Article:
October 12, 2009 4:48:49 am
Delhi is pulling out all stops to make the city cleaner and greener before the Commonwealth Games. But one factor is constantly overlooked: the citys air,which is getting increasingly polluted with the build-up to the Games. And,Delhis air is much more polluted than what many of the athletes may be used to.
A World Bank report reveals that the level of suspended particulate matter (SPM),a dangerous pollutant,is much higher in Delhi than in several other Commonwealth countries.
Particulate matter adversely affects the air we breathe. The particles suspended in the air can trigger asthma attacks and other lung diseases. Published in the World Bank Development Indicators 2009 report,comparative data on particulate matter reveals that Delhis levels veer above the 140 milligram per metre cube (mg/m3),which is more than seven times higher than many Commonwealth cities.
As per data by the CPCB,the levels climb above 140 mg/m3 too.
Melbourne (Australia),Montreal (Canada),Kuala Lumpur (Malaysia),Auckland (New Zealand),Cape Town (South Africa) and Birmingham (UK) have levels of particulate matter between 0-20. In Nairobi and Singapore,it is a little above 40 mg/m3.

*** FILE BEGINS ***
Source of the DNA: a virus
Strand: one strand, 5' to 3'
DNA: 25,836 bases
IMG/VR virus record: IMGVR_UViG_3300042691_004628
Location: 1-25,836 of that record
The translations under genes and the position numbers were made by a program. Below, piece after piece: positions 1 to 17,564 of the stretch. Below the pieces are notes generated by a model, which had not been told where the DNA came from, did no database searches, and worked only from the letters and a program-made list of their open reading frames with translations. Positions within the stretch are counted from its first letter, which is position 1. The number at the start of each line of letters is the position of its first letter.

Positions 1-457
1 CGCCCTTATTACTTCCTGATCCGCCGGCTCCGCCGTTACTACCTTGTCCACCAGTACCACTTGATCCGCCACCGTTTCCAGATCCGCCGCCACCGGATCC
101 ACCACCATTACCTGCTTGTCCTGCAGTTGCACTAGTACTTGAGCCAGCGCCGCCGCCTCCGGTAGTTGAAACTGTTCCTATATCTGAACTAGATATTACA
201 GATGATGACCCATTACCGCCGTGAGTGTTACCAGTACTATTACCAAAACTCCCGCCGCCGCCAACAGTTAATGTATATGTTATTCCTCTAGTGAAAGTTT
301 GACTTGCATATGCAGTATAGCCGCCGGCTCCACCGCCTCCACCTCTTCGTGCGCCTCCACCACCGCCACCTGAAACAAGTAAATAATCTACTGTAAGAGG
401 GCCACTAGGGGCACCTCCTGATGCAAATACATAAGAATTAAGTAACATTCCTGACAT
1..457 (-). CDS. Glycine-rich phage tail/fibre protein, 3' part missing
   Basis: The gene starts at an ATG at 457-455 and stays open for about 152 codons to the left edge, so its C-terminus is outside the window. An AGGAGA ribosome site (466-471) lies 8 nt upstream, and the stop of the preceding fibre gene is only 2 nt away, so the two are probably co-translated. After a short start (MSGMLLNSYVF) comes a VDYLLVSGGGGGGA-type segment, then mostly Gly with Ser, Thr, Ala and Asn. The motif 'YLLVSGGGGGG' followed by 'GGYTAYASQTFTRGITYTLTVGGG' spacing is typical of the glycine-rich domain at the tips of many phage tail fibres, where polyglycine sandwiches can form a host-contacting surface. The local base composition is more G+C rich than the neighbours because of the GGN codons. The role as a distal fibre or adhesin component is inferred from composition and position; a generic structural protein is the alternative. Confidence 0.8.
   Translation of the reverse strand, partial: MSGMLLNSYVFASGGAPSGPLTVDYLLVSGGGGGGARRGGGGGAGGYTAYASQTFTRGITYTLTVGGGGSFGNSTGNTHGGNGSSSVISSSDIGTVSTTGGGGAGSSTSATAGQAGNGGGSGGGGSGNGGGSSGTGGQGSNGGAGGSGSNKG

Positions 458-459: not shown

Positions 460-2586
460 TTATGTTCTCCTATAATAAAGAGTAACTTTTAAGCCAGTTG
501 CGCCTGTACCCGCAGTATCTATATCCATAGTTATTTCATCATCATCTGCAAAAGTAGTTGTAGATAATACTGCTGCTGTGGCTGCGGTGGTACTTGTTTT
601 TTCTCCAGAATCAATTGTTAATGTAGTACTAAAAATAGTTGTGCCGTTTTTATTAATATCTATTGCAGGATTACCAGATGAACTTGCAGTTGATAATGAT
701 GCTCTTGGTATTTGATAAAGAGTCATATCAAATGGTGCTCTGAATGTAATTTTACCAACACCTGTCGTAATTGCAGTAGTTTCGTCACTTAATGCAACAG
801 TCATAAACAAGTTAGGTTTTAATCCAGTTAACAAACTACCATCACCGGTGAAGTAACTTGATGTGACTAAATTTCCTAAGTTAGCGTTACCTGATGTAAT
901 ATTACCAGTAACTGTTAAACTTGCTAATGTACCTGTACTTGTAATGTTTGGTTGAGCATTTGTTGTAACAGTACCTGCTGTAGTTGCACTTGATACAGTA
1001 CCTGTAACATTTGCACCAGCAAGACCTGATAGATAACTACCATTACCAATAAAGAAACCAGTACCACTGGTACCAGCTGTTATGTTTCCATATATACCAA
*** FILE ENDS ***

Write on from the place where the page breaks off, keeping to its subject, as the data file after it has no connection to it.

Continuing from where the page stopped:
Disturbingly,Delhis PM levels have only been rising steadily,and this is attributed to increased construction activity.
Athletes breathe longer and deeper,and may find pollution levels uncomfortable. Elders,children and athletes are more vulnerable to particulate matter. In all probability,the athletes who will be participating in the Games have been training and exercising in different environs, said Meena Sehgal,a specialist in Public Health.
Data accessed by Newsline from the Central Pollution Control Board (CPCB) reveals that the level of particulate matter is on the rise.
In 2007,Delhi had respirable suspended particulate matter (RSPM) levels of 159 mg/metre cube in residential areas. By 2008,RSPM in residential areas in Delhi shot up to 200 mg/metre cube,becoming comparable to some of the most polluted cities in India. This is much higher than the safe standard for residential areas: 60 mg/metre cube. Now,the levels are above 200 mg/metre cube.
We may have to look at solutions which are regional and not just city-based as this is a public health issue, Sehgal said.
The CPCB,meanwhile,said it expects the particulate matter levels to go down,as the dust around construction venues settles. There has been an increase in suspended particulate matter because of the infrastructure that is being built,but it is likely to go down by the time of the Games, said S P Gautam,Chairman,CPCB. But the understanding of what pollutes our air is set to get clearer the CPCB will be working for the first time with the French government to set up air monitoring stations during the Games.
The stations will be set up to monitor air quality during the Games, he said.
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